Spring in Massachusetts is a great time to be outside. Whether you are into walking, biking, hiking, raking your lawn, or playing sports there are many fun outdoor activities to participate in during the spring months.

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Spring is also when Massachusetts sees black bear activity. It was recently reported by Meghan Crawford, a community engagement biologist at MassWildlife that there are currently approximately 4,000 to 5,000 bears in Massachusetts. There are bear sightings throughout the state including Pittsfield, Newton, Westfield, Fall River, and pretty much all areas of Massachusetts.

Bears Have Been Known to Terrorize Massachusetts Properties

Bears will roam through your yard and residential neighborhoods if they have any inclination that food is available. Bears will knock down garbage cans, tear up trash bags, and even try to enter your home to get to any loose food that may be within their reach.

A reminder that you should keep your yard, garage, grills, and areas right outside your home clear of food scraps and crumbs. If there are food scraps or crumbs inside your house it would be a good idea to dispose of the food properly and keep your windows shut tight and locked.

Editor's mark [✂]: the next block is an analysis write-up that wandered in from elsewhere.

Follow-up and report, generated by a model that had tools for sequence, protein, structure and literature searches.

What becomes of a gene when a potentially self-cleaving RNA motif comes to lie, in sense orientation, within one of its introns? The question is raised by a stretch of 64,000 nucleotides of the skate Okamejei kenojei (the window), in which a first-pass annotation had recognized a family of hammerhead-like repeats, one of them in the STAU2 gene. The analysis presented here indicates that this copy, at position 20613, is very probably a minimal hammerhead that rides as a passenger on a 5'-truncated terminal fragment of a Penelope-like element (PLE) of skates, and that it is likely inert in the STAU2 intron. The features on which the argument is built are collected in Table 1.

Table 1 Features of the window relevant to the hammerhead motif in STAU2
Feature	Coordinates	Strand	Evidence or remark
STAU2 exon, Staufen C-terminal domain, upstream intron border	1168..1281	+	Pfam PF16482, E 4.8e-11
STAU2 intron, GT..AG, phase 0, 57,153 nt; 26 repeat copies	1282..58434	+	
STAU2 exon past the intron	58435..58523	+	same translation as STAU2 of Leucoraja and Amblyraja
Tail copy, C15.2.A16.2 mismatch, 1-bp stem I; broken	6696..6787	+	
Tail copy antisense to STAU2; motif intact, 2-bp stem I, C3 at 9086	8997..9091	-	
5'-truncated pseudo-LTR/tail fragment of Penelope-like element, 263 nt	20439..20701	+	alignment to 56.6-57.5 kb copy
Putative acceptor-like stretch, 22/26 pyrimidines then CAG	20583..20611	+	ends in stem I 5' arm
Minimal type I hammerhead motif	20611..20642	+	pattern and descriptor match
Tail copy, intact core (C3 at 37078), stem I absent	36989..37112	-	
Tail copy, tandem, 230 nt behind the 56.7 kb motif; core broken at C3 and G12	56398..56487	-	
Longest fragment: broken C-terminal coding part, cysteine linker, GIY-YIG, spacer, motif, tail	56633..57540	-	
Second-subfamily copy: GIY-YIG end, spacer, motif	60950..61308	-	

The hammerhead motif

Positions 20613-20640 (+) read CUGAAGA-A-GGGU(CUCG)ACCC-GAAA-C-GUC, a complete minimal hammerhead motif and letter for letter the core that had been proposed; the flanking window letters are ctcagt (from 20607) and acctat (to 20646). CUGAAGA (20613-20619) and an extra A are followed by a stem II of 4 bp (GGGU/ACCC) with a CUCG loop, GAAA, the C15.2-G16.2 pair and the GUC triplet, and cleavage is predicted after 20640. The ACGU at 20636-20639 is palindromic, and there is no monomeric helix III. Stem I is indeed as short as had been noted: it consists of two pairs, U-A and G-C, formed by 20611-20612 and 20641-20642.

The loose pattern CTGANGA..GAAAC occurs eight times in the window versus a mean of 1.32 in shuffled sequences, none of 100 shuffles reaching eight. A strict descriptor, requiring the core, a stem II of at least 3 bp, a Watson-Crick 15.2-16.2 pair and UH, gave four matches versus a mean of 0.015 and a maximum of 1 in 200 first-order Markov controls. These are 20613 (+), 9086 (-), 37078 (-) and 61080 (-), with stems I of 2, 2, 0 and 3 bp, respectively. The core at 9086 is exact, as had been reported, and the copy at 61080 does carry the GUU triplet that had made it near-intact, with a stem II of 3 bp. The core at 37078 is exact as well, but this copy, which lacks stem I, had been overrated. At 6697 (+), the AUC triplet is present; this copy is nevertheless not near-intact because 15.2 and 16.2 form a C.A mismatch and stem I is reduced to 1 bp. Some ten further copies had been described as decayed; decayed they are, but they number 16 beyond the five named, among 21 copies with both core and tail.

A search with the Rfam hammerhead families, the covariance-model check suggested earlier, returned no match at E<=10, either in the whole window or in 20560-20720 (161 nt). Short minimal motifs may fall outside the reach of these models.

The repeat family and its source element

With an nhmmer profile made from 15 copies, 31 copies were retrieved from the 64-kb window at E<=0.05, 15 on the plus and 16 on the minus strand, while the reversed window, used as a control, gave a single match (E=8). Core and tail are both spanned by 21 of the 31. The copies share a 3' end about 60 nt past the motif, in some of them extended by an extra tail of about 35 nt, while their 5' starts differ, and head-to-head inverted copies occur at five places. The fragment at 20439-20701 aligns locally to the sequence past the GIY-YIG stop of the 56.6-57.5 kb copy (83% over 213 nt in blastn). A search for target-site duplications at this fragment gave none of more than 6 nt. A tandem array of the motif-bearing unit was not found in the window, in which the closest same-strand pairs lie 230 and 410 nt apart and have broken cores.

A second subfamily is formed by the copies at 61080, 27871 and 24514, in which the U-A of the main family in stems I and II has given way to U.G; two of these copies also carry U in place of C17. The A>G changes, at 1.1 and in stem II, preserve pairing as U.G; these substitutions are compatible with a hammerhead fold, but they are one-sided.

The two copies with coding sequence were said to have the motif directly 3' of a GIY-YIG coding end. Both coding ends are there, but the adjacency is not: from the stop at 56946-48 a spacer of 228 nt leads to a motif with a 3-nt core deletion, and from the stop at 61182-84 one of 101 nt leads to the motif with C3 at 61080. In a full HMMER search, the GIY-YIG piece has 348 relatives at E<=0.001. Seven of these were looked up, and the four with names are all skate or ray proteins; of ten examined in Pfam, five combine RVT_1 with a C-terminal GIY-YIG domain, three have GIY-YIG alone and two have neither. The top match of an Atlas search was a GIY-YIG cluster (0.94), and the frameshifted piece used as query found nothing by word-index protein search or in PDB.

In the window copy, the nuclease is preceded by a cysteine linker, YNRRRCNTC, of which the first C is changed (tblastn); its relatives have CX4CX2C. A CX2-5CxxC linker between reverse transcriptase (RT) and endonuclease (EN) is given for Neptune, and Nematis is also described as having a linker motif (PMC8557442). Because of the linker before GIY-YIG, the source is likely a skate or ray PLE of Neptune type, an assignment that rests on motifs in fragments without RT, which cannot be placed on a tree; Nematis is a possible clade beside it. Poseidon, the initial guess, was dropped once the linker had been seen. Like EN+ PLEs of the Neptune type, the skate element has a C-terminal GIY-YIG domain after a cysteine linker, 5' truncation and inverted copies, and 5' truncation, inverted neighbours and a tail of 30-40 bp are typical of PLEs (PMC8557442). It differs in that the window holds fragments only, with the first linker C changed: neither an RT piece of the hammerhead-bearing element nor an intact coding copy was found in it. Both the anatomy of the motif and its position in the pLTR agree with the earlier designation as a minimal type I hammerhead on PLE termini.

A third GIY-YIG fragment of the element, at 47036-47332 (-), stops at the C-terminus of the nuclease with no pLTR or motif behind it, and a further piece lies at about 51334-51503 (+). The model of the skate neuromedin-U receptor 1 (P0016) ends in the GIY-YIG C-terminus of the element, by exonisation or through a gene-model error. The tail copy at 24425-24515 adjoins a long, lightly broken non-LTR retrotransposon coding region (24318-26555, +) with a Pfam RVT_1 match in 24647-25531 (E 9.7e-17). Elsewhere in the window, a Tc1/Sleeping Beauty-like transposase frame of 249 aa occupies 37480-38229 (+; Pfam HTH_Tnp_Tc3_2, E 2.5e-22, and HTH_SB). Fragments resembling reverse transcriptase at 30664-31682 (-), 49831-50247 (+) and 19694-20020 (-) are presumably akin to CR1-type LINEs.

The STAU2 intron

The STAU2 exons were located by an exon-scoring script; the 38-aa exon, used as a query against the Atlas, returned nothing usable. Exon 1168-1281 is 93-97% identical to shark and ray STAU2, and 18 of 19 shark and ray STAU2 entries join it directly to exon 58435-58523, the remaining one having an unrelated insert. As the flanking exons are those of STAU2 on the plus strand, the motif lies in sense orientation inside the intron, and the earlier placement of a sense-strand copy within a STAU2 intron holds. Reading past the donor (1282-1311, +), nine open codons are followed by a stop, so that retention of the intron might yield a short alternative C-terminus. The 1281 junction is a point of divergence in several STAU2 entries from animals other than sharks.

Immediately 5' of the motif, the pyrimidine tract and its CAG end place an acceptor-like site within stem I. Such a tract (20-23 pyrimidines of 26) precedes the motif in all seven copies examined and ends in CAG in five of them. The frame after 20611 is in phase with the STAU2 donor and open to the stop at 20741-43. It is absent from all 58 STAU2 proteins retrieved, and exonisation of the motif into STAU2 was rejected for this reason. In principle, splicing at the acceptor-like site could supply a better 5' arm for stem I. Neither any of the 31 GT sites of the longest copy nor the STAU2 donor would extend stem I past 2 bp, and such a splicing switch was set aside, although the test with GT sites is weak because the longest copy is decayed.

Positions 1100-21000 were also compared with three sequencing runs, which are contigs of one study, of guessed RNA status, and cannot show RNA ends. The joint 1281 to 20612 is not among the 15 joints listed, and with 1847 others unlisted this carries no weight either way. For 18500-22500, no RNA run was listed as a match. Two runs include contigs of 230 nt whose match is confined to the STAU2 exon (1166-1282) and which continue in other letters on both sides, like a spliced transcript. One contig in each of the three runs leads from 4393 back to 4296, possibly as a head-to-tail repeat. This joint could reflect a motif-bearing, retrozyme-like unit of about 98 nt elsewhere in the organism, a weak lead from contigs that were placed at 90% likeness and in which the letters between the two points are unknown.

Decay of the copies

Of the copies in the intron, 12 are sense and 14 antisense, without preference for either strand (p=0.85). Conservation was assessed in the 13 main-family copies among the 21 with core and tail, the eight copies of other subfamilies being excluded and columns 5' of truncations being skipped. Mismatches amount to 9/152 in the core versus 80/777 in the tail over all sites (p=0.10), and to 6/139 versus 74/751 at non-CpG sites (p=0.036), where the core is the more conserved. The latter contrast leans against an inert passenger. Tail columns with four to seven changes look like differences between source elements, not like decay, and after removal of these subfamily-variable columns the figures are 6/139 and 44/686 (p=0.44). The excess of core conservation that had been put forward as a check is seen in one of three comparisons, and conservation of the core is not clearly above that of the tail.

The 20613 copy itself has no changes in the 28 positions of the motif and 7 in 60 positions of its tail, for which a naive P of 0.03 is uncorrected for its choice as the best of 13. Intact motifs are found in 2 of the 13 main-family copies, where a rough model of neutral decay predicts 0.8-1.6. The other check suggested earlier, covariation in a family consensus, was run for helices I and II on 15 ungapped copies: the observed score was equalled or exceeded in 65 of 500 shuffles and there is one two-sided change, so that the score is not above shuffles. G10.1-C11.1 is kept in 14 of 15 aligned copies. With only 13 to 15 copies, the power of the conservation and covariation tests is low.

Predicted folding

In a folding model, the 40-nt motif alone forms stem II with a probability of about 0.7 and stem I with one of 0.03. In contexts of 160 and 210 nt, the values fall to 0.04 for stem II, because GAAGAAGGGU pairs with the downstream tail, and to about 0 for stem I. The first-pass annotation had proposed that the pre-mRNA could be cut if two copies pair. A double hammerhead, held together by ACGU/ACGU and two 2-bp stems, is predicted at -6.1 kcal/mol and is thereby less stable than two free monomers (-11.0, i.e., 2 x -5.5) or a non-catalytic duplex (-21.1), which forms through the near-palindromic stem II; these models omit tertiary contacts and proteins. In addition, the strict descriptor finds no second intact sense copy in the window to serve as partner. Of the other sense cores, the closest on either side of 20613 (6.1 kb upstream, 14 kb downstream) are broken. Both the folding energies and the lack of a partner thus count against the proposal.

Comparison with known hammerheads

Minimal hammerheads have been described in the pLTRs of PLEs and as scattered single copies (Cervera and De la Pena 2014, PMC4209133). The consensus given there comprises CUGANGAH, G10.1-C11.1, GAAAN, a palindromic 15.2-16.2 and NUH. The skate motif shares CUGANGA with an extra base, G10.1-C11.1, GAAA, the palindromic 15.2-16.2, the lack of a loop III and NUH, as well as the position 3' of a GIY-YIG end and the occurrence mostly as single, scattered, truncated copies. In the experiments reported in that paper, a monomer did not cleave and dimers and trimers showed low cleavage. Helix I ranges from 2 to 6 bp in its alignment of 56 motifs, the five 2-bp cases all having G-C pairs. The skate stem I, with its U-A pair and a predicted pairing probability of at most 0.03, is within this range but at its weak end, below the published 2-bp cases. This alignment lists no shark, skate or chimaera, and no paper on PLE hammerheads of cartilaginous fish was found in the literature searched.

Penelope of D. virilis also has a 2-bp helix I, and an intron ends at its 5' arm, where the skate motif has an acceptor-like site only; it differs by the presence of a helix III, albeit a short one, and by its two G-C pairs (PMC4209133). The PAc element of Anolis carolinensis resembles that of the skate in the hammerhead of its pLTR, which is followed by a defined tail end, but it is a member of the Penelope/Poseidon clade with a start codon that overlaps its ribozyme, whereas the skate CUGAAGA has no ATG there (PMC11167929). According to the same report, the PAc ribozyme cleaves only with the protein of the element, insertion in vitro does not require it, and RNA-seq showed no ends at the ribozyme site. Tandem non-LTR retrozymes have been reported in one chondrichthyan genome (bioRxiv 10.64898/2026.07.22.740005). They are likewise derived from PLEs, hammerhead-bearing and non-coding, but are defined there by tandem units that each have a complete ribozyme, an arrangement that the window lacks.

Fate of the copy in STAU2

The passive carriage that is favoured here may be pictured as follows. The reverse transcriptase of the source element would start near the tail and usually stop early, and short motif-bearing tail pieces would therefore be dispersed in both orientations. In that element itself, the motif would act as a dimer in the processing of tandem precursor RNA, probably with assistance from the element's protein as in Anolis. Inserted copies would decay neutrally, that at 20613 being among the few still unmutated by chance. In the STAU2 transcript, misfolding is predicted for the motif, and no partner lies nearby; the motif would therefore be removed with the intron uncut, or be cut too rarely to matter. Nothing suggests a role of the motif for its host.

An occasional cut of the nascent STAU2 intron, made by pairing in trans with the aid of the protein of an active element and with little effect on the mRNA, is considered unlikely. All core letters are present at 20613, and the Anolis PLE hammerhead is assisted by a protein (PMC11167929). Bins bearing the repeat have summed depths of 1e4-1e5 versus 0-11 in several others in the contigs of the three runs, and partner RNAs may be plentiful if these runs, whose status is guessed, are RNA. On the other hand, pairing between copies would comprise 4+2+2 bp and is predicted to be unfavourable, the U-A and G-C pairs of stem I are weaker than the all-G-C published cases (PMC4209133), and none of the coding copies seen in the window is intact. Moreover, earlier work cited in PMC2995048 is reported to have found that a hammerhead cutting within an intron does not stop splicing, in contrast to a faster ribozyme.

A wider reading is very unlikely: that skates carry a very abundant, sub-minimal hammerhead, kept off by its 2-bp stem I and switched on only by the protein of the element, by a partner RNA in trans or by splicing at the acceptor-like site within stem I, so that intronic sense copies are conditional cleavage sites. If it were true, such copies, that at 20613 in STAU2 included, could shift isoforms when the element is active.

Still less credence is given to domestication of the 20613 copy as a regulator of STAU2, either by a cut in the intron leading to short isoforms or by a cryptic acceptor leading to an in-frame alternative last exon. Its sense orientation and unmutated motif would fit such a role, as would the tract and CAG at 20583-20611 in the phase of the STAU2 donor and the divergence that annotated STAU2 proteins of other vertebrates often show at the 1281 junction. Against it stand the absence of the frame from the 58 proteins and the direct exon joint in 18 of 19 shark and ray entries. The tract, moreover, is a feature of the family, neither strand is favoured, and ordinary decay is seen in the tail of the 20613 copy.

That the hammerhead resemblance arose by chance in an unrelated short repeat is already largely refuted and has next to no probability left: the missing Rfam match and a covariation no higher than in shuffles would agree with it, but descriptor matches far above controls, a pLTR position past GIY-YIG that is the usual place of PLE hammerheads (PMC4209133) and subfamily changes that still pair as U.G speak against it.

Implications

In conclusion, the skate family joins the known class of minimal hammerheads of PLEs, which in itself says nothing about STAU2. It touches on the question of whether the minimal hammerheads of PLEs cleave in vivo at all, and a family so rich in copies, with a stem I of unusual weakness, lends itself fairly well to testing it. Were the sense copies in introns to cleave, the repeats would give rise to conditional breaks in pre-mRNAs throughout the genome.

Massachusetts Residents Should Also Ditch Their Birdfeeders 

Another thing that you'll want to keep out of your yard is birdfeeders. Mass.gov states that if you live in an area with bears you should avoid birdfeeders altogether as they are invitations for bears to come onto your property. What's more, if you have bird feeders in your yard bears will keep returning even if the feeder is empty due to the residual smell. It's suggested that you remove birdfeeders to keep bears and other wild animals including coyotes and bobcats away from your property.

There are Other Ways You Can Attract Birds to Your Massachusetts Yard While Keeping the Bears Away 

If you enjoy birds in your yard, mass.gov suggests that you grow native plants, shrubs, and trees to attract birds. A water feature will also help attract birds to your property while keeping bears away. Remember no food means less of a chance of bears giving you a headache this spring, summer, and fall.

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